ChadBroChill (profile) says:

Re: Hooliganism

Judge: This court finds you guilty of Hooliganism in the first degree.

Defendant: Wait, what?

Judge: Your sentence, since this is not a real crime, will be six years served in imagination jail. You will be required to imagine cold concrete and bars surrounding you at all times. You will have a chance for imagination parole after 4 years.

Defendant: Um, ok. That doesn’t even sound like an enforceable punishment.

Judge: Next case, a third strike filesharing offender. Oh this sounds just like my previous case. . .

ethorad (profile) says:

more tea, less cctv monitoring

They’re outsourcing monitoring cctv to the public now, so that only leaves drinking tea doesn’t it?

(having said that I think the problem lies not with the boys in blue, but with the idiots in parliament – the ones who come up with the red tape, stupid ideas like ASBOs, letting problem estates fester, etc)

nelsoncruz (profile) says:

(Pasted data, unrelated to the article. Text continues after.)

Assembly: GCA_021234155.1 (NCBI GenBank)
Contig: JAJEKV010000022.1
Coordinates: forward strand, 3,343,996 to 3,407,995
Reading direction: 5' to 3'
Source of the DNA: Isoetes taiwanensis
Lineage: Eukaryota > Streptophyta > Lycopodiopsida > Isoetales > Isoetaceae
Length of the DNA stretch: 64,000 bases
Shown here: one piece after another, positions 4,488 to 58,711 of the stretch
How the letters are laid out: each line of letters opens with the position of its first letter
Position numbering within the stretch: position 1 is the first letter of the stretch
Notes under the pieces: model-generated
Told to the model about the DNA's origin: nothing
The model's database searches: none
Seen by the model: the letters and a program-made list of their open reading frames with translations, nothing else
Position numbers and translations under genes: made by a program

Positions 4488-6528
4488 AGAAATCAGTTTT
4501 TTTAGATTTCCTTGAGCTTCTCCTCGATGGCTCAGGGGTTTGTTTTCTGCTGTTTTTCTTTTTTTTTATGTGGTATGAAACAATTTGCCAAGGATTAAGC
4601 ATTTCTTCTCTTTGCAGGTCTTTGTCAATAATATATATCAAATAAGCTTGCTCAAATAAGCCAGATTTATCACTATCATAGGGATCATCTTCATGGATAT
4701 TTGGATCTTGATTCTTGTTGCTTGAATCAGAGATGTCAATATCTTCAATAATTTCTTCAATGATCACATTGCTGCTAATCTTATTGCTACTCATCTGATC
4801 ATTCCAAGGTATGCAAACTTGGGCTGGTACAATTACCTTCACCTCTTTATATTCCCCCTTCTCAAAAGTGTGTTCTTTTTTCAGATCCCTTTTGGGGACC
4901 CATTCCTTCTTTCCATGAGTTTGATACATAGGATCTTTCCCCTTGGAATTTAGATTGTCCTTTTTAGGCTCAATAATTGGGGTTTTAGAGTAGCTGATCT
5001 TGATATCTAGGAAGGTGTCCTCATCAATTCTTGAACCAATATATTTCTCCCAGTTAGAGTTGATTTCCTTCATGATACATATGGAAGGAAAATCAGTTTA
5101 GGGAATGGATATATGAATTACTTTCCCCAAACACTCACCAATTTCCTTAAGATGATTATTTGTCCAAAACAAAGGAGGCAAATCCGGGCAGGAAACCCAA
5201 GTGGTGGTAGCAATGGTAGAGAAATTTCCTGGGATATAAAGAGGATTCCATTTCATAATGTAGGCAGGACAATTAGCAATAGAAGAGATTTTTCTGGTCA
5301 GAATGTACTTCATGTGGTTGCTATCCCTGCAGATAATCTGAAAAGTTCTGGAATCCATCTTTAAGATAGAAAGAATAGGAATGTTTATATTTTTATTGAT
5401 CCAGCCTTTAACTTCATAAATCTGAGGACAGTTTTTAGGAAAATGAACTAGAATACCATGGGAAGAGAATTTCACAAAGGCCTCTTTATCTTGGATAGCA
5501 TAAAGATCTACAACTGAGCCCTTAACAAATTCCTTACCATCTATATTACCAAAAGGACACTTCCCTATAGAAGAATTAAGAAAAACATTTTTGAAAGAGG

I have been saying this for years. All efforts to stop P2P file sharing have led to new systems increasingly more difficult to monitor and control. In response to things like “3 strikes” anonymous/encrypted/private systems will be made and/or grow in usage.

Last week after France’s constitutional council approved the latest version of “3 strikes” law, the French forums were predictably ablaze with talk about VPNs, P2P apps that only share with “friends”, etc.

“Piracy” will go on. But controlling the spread of really dangerous content (child porn, terrorism) will be that much more difficult. The “spooks” are right to be worried, and I’m glad they are speaking up about it.

The Infamous Joe (profile) says:

Re: Re:

talk about VPNs, P2P apps that only share with “friends”, etc.

What the Big Media doesn’t get is that if people are willing to *pay* monthly to access a VPN service, they’d equally be willing to *pay* for an all-you-can-eat download subscription priced near those VPN services.

Better a few bucks a month for no extra work than zero bucks a month for zero extra work.



Re: I think it gets worse

Let us imagine this

Person A uses ISP1. Person A downloads “stuff” and gets a letter.
Person A switches to ISP2. Person A downloads “stuff” and gets another letter.